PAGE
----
Four days into the United Nations-mandated ceasefire, the conflict in Syria continues, albeit at a smaller scale.
The Security Council, with Russian support, hopes to ensure that envoy Kofi Annan’s peace plan is being implemented seriously by all of the parties on the ground. On Saturday, it passed a resolution to send a preliminary team of thirty monitors to observe compliance.
Yet despite the council’s newfound unity, nothing in Syria is guaranteed. The civilian casualty toll over the past few days was low when compared to last week’s violence but the fact remains that no one knows for sure what President Bashar al-Assad and his military advisors are thinking behind closed doors.
Both the Syrian government and the Free Syrian Army, the main armed group resisting the regime’s efforts to consolidate control, have all said the right things when asked about Annan’s plan. Syrian ambassador Bashar Jaafari has told the council and news media that the Assad regime is fully committed to the plan’s success. Rebel commanders have uttered similar rhetoric, reiterating their policy of not shooting unless the Syrian government renews its offensive.
Their words need to be taken with a grain of salt. Bashar al-Assad has a terrible track record of misleading Arab League and United Nations diplomats and sidestepping his promises. The restraint of the militant fighters is anything but assured. Without a command and control system, any defector can break the truce agreement in its entirety by disregarding the Free Syrian Army leadership and taking matters into their own hands.
The observer team deployed inside Syria to monitor the Annan proposal is a departure from the United Nations’ previous reluctance to send its own people into conflict zones. The monitoring mission is not a strong one however. The observers will be unarmed, have a difficult time traveling the entire country, and that is assuming that the regime allows them to.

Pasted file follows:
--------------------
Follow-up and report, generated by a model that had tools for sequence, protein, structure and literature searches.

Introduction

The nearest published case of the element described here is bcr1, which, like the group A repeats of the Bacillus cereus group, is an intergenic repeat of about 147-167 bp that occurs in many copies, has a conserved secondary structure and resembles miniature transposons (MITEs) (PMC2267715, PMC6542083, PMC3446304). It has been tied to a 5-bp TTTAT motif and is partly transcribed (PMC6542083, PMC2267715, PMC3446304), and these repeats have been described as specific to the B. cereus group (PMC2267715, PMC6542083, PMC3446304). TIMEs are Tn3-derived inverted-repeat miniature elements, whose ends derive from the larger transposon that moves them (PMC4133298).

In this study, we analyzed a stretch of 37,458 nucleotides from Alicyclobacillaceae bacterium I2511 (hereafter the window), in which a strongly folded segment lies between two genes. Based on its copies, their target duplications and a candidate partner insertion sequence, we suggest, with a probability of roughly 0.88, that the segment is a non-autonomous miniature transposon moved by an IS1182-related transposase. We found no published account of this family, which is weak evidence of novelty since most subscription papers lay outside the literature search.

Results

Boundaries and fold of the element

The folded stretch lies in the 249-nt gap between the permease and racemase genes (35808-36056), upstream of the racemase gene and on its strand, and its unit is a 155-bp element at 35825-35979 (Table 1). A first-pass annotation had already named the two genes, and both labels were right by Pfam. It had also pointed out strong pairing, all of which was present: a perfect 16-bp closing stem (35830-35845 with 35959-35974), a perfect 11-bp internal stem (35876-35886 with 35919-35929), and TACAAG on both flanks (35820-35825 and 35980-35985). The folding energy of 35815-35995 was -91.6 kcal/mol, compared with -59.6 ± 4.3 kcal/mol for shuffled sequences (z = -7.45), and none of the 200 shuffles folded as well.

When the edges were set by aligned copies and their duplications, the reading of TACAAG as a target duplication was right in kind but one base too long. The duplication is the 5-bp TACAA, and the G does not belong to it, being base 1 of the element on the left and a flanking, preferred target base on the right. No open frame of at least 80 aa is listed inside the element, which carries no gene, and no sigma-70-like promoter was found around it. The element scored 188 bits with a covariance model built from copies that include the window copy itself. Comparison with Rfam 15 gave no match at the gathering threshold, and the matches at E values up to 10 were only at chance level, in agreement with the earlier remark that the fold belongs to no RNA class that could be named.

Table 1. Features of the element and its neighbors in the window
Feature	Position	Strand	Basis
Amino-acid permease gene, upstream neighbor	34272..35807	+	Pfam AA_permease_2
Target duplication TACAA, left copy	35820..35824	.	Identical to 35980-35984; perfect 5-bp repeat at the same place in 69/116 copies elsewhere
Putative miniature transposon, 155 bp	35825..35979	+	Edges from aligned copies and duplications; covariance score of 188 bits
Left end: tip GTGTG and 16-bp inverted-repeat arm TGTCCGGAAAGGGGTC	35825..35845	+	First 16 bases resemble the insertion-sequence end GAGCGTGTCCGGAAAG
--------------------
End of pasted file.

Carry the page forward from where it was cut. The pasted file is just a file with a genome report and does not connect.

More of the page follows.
The cessation of major hostilities between the government and the opposition is understandably receiving the most attention. But the Security Council must not forget that the Annan plan is a multidimensional one with the ultimate goal of getting both sides to negotiate. There is no evidence to date that Assad has complied with any other point in the Annan agreement. Syrian troops continue to man checkpoints in major cities while heavy artillery remains positioned either inside neighborhoods or on the fringes of towns in preparation for another offensive.
The tens of thousands of prisoners taken by the authorities have not been released either, nor has there been a noticeable influx of foreign and Syrian journalists into the most damaged areas.
As was demonstrated by last Friday’s demonstrations across the country, the Syrian army will still not allow civilians to protest against in large groups. Five demonstrators were killed on Saturday, others were beaten on Friday.
This is an obvious calculation. The larger the group, the more likely the regime will have to confront a change in momentum toward the demonstrators.
The violence is undeniably lower and the shelling of neighborhoods that was previously the norm has either lessened or stopped entirely. But the ceasefire, which could break with a single incident, is only part of the package. For the Security Council, there is still work to be done.